Snow guns blast the lower trails of Steamboat Ski Area on Monday morning, the first day of artificial snowmaking for the 2009-10 ski season. Mother Nature is expected to help out this week, with a 70 percent chance of snow Wednesday.
Tuesday, October 27, 2009
This week's forecast for Steamboat Springs
- Today: 30 percent chance of showers, high of 48, low of 26, with rain turning to snow in the evening
- Wednesday: 70 percent chance of snow, high of 32, low of 14.
- Thursday: 30 percent chance of snow, high of 32, low of 13.
- Friday: Slight chance of snow, high of 41.
Source: National Weather Service
Steamboat Springs It's dumping snow at Steamboat Ski Area, with piles 4, 5 and even 6 feet deep. But it's not just the occasional early winter storm that is doing the trick.
Snowmaking on the slopes began in earnest Sunday night and Monday morning, with crews now on standby 24 hours a day to make as much snow as possible in the 28 days leading up to the ski area's opening.
Doug Allen, vice president of mountain operations for Steamboat Ski and Resort Corp., said the resort's snowmaking operators went through orientation last week and hit the slopes Sunday night when the temperature reached the 24-degree threshold for artificial snowmaking.
Allen's crews operated the snow guns throughout the night and until about 11 a.m. Monday. Their efforts were concentrated on the Sitz, Vogue, Short Cut and Stampede ski trails.
Allen said there are about 36 workers on the snowmaking team, working in crews of about eight at a time. Improvements to stop leaking pipes and install more hydrants this year will speed along the snowmaking process, he said, as they are more energy efficient and require less air volume.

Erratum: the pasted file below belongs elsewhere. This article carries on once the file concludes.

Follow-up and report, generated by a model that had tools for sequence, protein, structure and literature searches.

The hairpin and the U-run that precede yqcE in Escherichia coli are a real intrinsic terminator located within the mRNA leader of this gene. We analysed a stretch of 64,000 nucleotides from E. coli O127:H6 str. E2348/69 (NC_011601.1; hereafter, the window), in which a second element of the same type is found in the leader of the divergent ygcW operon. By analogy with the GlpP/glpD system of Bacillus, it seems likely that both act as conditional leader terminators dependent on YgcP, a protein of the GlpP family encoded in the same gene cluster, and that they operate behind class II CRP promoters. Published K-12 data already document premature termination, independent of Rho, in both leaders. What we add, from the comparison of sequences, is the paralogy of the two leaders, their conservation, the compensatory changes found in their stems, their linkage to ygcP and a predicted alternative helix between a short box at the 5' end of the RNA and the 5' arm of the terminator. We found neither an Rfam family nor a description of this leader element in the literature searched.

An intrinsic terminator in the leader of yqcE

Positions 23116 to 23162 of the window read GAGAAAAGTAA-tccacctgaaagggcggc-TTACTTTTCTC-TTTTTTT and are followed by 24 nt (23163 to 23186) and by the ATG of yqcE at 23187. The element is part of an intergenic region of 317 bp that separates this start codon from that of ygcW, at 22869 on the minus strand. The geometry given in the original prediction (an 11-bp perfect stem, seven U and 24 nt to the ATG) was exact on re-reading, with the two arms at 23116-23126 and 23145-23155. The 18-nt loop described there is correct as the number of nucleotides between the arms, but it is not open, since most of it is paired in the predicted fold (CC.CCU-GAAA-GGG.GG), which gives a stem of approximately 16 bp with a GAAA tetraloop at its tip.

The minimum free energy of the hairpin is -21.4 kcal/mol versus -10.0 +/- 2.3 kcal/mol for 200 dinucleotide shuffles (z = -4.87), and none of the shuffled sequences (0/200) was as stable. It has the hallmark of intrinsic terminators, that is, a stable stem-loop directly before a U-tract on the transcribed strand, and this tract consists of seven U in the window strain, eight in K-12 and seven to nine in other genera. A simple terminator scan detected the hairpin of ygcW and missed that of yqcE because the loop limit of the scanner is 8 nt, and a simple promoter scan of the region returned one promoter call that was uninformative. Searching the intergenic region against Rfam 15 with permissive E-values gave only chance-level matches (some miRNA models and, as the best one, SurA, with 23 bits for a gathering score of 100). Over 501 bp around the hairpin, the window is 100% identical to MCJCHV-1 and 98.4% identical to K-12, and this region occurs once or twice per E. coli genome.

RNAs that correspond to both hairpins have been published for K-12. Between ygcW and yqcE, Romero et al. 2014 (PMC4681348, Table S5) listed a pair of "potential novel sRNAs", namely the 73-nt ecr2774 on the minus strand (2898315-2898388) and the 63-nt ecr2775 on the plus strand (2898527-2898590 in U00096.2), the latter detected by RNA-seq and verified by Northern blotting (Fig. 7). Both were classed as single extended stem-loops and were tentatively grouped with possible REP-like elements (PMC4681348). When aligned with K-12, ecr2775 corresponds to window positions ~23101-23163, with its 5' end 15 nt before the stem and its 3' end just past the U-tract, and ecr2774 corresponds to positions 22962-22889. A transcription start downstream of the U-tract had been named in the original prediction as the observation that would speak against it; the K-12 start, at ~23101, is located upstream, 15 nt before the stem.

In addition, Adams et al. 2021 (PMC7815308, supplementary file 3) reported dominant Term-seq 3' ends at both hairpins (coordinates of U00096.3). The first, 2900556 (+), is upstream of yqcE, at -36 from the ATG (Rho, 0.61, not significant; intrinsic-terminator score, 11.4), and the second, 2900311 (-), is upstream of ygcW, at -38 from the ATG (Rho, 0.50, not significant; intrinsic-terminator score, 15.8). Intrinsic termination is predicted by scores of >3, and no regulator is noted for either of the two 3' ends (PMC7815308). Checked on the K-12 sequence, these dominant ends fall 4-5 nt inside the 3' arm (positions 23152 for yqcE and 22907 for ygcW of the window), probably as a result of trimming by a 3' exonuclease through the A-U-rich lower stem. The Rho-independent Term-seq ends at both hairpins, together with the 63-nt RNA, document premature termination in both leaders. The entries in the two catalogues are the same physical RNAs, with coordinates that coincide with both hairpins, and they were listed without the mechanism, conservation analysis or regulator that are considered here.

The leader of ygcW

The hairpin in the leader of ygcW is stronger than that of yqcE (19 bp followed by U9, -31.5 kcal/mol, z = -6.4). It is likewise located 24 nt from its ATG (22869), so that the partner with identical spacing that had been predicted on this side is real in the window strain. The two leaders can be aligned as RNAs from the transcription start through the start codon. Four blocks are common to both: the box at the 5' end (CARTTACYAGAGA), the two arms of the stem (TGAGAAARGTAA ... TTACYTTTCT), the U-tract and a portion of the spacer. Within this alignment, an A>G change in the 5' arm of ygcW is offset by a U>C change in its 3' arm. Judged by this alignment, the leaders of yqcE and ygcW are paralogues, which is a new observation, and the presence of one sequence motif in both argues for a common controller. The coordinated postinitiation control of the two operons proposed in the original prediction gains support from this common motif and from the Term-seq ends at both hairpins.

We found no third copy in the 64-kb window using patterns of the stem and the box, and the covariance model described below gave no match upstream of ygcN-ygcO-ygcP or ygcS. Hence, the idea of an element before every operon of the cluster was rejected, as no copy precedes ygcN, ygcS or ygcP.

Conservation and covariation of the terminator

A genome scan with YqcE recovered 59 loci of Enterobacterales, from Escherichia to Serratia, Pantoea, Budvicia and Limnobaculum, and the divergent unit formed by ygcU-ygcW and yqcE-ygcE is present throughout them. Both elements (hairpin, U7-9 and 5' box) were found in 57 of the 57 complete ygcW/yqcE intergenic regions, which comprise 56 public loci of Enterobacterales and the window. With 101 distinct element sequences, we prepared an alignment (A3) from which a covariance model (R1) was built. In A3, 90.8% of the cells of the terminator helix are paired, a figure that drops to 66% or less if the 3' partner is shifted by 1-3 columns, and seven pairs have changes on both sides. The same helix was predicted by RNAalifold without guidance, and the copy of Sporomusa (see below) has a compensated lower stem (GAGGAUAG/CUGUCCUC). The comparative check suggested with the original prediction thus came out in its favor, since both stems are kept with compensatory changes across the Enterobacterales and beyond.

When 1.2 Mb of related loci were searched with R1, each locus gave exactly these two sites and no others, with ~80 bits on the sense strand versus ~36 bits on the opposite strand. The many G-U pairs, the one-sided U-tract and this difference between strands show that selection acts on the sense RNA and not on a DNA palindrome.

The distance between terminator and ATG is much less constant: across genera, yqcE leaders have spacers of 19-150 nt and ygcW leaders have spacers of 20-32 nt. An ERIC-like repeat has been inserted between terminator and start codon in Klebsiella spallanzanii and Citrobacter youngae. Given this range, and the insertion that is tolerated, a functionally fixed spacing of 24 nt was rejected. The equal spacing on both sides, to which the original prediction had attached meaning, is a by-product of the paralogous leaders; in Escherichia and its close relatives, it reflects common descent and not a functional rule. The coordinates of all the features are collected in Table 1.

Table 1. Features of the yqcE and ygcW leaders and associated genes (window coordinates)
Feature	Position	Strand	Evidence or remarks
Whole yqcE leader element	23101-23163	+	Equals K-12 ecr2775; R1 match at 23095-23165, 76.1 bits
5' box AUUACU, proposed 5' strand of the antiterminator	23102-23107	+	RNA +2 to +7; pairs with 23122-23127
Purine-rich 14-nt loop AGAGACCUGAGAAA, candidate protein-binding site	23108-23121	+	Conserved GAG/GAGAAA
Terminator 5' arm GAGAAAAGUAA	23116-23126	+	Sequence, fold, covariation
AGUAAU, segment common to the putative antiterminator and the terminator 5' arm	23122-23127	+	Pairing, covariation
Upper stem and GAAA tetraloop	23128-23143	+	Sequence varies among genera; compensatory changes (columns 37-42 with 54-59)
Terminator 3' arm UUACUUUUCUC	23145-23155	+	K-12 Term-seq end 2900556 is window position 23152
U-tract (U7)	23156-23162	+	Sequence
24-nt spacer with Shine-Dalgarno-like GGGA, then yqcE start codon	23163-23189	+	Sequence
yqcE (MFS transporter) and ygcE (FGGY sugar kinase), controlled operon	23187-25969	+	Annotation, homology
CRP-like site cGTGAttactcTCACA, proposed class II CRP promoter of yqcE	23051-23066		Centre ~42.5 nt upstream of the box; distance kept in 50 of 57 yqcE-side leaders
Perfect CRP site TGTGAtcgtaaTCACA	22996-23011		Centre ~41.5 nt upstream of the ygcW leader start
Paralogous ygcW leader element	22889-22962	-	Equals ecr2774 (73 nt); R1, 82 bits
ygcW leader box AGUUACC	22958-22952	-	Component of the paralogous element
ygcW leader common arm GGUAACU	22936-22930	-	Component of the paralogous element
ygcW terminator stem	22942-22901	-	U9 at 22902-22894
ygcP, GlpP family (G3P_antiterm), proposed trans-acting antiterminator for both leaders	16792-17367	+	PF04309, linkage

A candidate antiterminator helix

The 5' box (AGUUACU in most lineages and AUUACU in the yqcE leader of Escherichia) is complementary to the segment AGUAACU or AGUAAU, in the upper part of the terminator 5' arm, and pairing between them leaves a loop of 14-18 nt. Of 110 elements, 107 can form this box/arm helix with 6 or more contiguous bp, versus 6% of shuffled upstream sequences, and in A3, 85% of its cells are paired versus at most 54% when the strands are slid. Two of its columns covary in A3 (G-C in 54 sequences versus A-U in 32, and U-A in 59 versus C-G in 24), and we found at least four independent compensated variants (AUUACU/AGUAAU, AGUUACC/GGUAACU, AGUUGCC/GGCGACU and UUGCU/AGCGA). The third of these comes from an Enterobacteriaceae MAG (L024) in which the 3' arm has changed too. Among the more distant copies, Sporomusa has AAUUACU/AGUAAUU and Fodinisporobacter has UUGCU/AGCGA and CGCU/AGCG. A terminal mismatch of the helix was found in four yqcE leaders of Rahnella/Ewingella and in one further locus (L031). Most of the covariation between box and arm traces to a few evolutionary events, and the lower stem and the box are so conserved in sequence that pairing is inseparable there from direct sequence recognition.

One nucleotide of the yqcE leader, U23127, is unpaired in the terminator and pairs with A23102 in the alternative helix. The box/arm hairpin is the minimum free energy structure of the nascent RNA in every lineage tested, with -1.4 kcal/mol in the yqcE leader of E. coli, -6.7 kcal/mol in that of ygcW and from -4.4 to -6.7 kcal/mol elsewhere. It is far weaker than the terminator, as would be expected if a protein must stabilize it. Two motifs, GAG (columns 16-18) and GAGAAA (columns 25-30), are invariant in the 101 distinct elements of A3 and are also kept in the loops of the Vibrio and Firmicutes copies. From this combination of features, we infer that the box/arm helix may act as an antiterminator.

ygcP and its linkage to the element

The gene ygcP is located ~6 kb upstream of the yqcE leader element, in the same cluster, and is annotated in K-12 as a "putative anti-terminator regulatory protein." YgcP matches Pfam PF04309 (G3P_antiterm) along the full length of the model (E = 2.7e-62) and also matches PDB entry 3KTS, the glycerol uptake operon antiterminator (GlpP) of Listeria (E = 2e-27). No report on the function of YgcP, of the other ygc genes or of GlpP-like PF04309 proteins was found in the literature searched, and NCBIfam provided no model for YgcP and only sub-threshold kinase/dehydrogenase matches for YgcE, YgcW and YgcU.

Ski Corp. officials said the ski area expanded and upgraded its snowmaking system this summer, including the addition of new hydrants and 11 low-energy, high-efficiency tower guns. The new guns use 30 percent less energy than conventional snow guns while producing the same amount of snow, according to a Ski Corp. news release. Resort officials say the ski area's snowmaking system covers nearly 400 acres of top-to-bottom terrain and includes a network of more than 300 hydrants, four pump houses, 121 high-efficiency guns and a digital operating system.
That system will be put to good use for the remainder of 2009.
"Before opening day, we'll just go and make as much as we can, until Christmastime," Allen said. "We'll open what we have available. Our goal this year is we would like Christie Peak Express open" on Scholarship Day on Nov. 25.
If there is enough natural snow, however, the mountain will open with top-to-bottom skiing.
Jim Daniels, a forecaster with the National Weather Service's Grand Junction office, said a potential for heavy snow this week, coupled with a cold blast, will keep snow on the ground and temperatures low enough to continue snowmaking operations.
Forecasters predict at least some chance of snow from Tuesday night through Friday, with a 70 percent chance of snow Tuesday night and Wednesday.
"I think you'll see several inches there in town, and we're expecting some more at higher elevations," Daniels said.
Allen said snowstorms sometimes can raise temperatures in the area, putting snowmaking on hold, but because of a double-blast of cold air coming through this week, Daniels said that likely would not happen.
"It's looking like a pretty good storm coming in there, especially for this time of year," he said.
The area is under a hazardous weather outlook for the rest of the week, with dangerous driving conditions possible later in the week, especially on Rabbit Ears Pass.